from my correction to (4-06) and taking "c" as dimensionless
F(r,v,t) = F(r,v,t) = q*[ E(r,v,t) + v/cB(r,v,t) ]
units = charge*[ (charge/length^2) + (length/time)*(charge/length/time) ]
= charge^2/length^2 + charge^2/time^2
OOPS!! This doesn't work at all!!!
If I insert permittivity (ε) and permeability (μ) :
from : https://simple.wikipedia.org/wiki/Maxwell's_equations#The_structure_of_the_magnetic_field
ε = permittivity = F/m (F = Farads)
μ = permeability = W/(A*m) = Power /charge/length
= mass*length/time^3/ charge/length
E -= electric field = V/m
B = magnetic field = H (H = Henrys)
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>>> 'Howell's FlatLiner Notation' (HFLN) formatting conventions
I rewrite formulas in a format that can be used in either simple ASCII or UNICODE text files, for several reasons :
1. peer review systems were the initial motivation. Especially in the past, these systems accepted only ASCII text comments, sometime UNICODE. Some of these systems do not accept non-ASCII characters such as Greek letters.
2. Reduce when possible the use of special UNICODE characters (eg Greek letters where an equivalent English letter will do!) An additional problem that arises with UNICODE characters, is that even for Courier constant-width character sets, these tend NOT to have constant width, which mis-aligns expressions, and therefore majkes proof-reading more difficult (see "constant-character-width fonts " in the point below.
3. Elimination of [superscripts, subscripts, special line formating], which are not handled by simple text editors (other than coding like HTML).
4. Use constant-character-width fonts like courier 10 pitch. This greatly aids in the virticle alignment of successive equations, making the derivations much easier to follow, and often making it obvious when mistakes occur in expressions!
5. Restructure a few conventional ways of writing formule, which :
makes for faster typing,
makes for faster and better review by readers
reduces ambiguities that often arise with conventional notations.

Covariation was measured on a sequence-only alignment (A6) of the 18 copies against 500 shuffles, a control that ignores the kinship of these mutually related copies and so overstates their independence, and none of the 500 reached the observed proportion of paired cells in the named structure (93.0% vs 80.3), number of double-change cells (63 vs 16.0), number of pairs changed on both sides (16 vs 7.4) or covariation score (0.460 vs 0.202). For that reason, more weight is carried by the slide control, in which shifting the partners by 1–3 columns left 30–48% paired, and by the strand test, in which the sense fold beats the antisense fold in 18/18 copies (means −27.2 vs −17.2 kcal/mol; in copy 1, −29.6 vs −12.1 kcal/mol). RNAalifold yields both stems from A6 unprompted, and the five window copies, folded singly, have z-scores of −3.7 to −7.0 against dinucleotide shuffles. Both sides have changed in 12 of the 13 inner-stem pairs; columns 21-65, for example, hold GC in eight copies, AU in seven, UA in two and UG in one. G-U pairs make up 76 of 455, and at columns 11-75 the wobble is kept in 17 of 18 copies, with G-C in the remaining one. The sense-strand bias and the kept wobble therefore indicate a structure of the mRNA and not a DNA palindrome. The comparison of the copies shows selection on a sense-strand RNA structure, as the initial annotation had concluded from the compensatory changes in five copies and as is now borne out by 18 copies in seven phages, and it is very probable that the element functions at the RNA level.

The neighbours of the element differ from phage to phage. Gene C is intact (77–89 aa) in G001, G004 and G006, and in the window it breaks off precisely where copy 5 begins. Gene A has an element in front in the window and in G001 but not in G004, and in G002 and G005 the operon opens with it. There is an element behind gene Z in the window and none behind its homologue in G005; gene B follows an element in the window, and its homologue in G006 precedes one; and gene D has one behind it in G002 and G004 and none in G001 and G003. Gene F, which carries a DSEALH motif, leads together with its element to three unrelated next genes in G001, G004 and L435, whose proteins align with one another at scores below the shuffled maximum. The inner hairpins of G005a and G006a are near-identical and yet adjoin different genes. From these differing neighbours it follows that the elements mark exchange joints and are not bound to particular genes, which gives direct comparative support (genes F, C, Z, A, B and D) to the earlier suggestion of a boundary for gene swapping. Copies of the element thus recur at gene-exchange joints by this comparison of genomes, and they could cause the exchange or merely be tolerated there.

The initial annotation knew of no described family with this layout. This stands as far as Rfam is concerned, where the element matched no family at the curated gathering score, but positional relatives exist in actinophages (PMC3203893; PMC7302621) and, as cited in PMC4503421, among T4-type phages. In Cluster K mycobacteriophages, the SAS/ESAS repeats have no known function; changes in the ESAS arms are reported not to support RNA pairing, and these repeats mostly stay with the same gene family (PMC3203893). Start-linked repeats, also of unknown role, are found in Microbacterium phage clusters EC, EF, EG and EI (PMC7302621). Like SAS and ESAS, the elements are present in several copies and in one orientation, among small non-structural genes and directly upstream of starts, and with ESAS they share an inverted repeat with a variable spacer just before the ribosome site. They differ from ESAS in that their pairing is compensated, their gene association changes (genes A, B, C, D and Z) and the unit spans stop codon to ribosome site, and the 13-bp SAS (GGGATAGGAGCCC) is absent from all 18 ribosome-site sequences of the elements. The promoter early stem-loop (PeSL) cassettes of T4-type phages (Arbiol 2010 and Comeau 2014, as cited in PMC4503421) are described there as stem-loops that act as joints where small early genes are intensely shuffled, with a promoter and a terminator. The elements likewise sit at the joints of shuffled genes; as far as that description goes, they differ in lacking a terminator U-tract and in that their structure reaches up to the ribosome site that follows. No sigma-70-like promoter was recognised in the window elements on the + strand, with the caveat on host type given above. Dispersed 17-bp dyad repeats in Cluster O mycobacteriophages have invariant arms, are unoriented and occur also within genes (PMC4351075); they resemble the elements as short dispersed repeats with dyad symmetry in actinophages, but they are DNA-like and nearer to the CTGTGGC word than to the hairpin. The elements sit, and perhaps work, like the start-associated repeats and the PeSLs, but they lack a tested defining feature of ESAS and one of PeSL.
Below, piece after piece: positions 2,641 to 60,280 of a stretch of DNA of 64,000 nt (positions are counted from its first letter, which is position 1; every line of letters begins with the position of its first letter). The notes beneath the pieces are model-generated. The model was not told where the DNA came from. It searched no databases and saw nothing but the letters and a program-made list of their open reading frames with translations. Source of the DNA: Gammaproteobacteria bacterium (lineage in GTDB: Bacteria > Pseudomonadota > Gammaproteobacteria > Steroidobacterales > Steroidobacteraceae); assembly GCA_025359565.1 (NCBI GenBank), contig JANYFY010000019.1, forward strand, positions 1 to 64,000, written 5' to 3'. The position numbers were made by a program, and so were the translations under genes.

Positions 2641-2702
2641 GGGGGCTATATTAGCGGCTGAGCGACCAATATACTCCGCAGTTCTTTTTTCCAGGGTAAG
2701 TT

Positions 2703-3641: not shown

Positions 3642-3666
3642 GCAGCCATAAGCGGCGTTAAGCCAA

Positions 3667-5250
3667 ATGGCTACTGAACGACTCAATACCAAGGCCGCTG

"brings togther" information about an operation in front of the expression being evaluation, being faster and easier to see. Most notably :
dp(t : f(x,v,a,t)) = ∂f(x,v,a,t) /∂t "partial" derivative dp(dt : f(x,v,a,t)) = ∂/∂t f(x,v,a,t)
(dt, t0 to t1 : f(t) ) definite integral of f(t) wrt dt, from t0 to t1
facilitates use in symbolic programs
6. Points [2-5] above make typing MUCH [faster, easier] plus allow more precise alignment of [characters, symbols, expressions, functions, formulae] that greatly improves error-checking! Careful alignments often make [errors, omissions, incmpleteness] stand out automatically.
7. Symbolic processing - [formulae, descriptive text, variables] are entered in a "everything in a simple character line" format that is directly used as a computer program (QNial - Queen's University Nested Interactive Array Language, www.nial.com - this is an interpreted language (no compiler)). In some peer reviews that I do, this allows simple and powerful "symbolic" processing, especially of large higher-dimensional arrays, as this is much more accurate than imagining precisely outputs of formulae.
8. Create many sub-sub-sections for each key symbol etc - so that hyperlinks from the table of contents make it very easy to get to each derivation. (could use the index for that as well, but a Table of Contents provides a more powerful [ordering,organisation].
Note that QNial is not a "high usage" language, and perhaps I should migrate to O'Camel or something else, but I usually end up frustrated with the limitations of other languages, and I've grown used to it. I've not used C for many years except for Linux language ports and limited work - never got into C++ or C# etc as I rarely need the programming framework and standard coding, which is easy to adapt to QNial (but much more work to go the other way.
HFLN nomenclature is intentionally redundant (like language) to help reinforce symbol meanings and make it easier to spot errors. For example :
dp[dt : E0ods(POIo,t)] = dp[dt : E0pds(POIo(t),t)]
E0pds(POIo(t),t) is a measure of the static electric field at POIo (Point of Interest fixed in the observer frame RFo) at time t. Note that POIo shifts position in RFp with time, and that the static electric field at that point that arises from the moving particle, also changes with time.
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>>>>>> General principles for symbol conventions used in this paper
Below are some principles used for variable symbols. These have the disadvantage of making expressions much longer, but the cost is compensated for greater [clarity, consistency, error-checking,etc].
Redundancy - easier to see that a mistake has been made, or that thinking is sloppy
This is like human language. For example, in the symbol "Ooca(POIp,t)" the "a" is redundant, as "O" only refers to an angle. Therefore, a reader who sees "Ooc(POIp,t)" should be on the alert that I may have made a mistake with the symbol.